Karan Jotwani, the young heartthrob of Indian television, needs no introduction.
The actor started his journey with series Bade Achhe Lagte Hain. In the same year, he appeared in the teen drama Confessions of an Indian Teenager and Gumrah: End of Innocence in episodic roles.
Later, he charmed the audience with his acting talent in shows like Laut Aao Trisha, Kaisi Yeh Yaariaan, Suhani Si Ek Ladki and Aap Ke Aa Jane Se.
Now, he is back on screen with Zee TV’s next primetime offering Qurbaan Hua. It is an intense drama about two passionate and young individuals on a mission of their own, driven by the love and pride of their family.
In conversation with IWMBuzz.com, Karan spoke about his new character, show and mental health…
Congratulations on the new show, it is your second stint with Zee TV, how was the experience and what attracted you to sign show Qurbaan Hua?
I am very glad that I am associating with Zee for the second time; it is one of the channels that allow creative freedom. Qurbaan Hua’s Neel is an intriguing character. There is no love but only revenge involved. I wanted to collaborate with Sonali ma’am. She is a brilliant writer. I got this opportunity, so I decided to grab.
Do you relate to your character Neel?
I am a dark person and an intense guy. My character Neel is also a fun-loving guy. He is liberal, who believes in right and he will take a stand. The character is more grey and not dark. He will have a side that will be colourful as well when the story progresses.
Have you done any special preparation for the character Neel?
No, but I overcame a lot of fears. I overcame the fear of getting into cold water, which was crazy. I hate cold water. We had to do it and thankfully it came out fine.
You call yourself untrained and raw, so how does this character tap into your potential?
I think one of the reasons is that I don’t know what I will do; hence I call myself untrained and raw. I just believe that if you are out there with a script in your hand, give it your heart. The rawness brings in a lot of surprise elements that a trained actor would know. Before every scene, I am nervous. That surprise element keeps me growing.
You said you don’t chase fame, so how do you detach from that?
It is the easiest thing ever; you just don’t let it get into your head. You go back home, cut off and chill with your family. You should always believe where you started. What people lack is the ability, which is why it is very important to know where you started your career. The success, fame, name are all temporary and it will go one day.
Any scene that has hit you hard and made you emotional?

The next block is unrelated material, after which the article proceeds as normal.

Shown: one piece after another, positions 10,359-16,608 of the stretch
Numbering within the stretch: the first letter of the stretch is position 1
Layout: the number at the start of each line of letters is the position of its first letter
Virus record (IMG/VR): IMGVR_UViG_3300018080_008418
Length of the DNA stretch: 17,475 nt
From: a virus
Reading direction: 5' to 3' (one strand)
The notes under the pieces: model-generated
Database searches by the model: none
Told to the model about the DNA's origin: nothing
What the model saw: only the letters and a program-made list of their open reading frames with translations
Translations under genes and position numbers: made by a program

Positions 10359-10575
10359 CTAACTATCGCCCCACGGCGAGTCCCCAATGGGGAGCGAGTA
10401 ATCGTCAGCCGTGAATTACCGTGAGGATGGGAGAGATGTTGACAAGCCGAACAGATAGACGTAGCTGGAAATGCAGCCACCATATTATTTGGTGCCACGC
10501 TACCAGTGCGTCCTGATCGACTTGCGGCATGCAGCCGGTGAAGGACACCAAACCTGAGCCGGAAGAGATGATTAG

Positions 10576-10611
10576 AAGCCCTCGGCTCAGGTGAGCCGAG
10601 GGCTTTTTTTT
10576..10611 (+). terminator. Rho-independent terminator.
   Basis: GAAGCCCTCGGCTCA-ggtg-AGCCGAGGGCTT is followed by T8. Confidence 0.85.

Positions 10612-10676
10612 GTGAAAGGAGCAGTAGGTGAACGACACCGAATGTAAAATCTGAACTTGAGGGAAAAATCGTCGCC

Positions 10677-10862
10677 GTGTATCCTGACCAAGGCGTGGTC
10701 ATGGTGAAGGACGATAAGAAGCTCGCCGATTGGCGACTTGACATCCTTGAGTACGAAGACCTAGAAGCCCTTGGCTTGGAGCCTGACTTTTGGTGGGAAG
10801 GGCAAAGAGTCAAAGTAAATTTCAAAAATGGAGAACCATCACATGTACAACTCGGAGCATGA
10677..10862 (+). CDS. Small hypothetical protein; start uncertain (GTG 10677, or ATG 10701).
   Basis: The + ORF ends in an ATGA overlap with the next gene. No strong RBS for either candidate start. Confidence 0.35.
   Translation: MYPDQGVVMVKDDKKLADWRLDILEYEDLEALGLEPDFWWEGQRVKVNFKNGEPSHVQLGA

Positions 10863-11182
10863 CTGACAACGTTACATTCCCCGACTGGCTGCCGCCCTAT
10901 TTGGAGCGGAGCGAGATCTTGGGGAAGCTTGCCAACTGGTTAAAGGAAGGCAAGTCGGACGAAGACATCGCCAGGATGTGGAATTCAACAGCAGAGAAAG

In Qurbaan Hua we haven’t shot much, so I don’t remember any. However, in Aap Ke Aa Jane Se, there were a lot of scenes. There is one scene where I get to know that Vedika is pregnant with another man’s child and I lose my mind. I try not to use glycerin much in my scenes. If it is a film then a person can involve energy that you can, as you know that you are shooting for a particular schedule. But with TV, you don’t know as you can shoot for 600-700 days as well or more. I try to make the scene as impactful as I can.
How do you deal with a dull day and push yourself to go to work?
I believe in a lot of mental health. I am an actor, who has been through something, so I also believe that every day can’t be the best. There is unsaid magic that happens in a day. It could be anything, a dog coming to you. I was shooting in Rishikesh on Jhulla. I was sick because of the weather. I just sat for some time as we were about to shoot, I felt a good vibe at that moment.
Actors try to be diplomatic but you seem to be unfiltered which can be misconstrued…
I do get misconstrued but it is okay. I am who I am. I know that I need to be very honest without boosting. I know my calibre to an extent as a performer considering that I am untrained and raw and I have so much to tap into. Why have any shame being as real as you are? Why do I put filters on my myself, they are for Instagram. I am honest about my life. I recently spoke about being in depression. I believe people should be more vocal about mental health.
The problem today is that nobody wants to listen. Everybody wants to give some gyan. I shot with Kushal Punjabi for Guddan. We were doing a small collaboration with Guddan, Yeh Teri Galliyan and Aap Ke Aa Jane Se. What a jovial guy, it is least to expect. It is important to be there and listen to people. Few people don’t talk because they feel people will judge. However, some people won’t judge you and will listen to you, I am one of them.
Depression is not something that goes away, so are you in a better space right now?
To be very honest, it keeps coming back. I am more aware and I detach now. I don’t get involved very heavily. There is nothing bigger than life. It never goes away and comes back in some form or the other but you can channelize your mind. Actors nowadays are talking about mental health because something has happened. Deepika has been vocal but apart from her, we have to wait for somebody to die and then we talk about it. Kushal Punjabi passed away, we spoke about him for a week then nobody spoke. I am out there and telling people that mental health is a big thing.
As an actor, what goes in your mind while delivering an intense scene?
A lot of times, it happened that media came on set for bytes, I got angry on them because when I give my take, I don’t like anyone moving behind. I know it’s the media people’s job too. I am sorry if I have raised my voice once.
Good luck Karan for the show!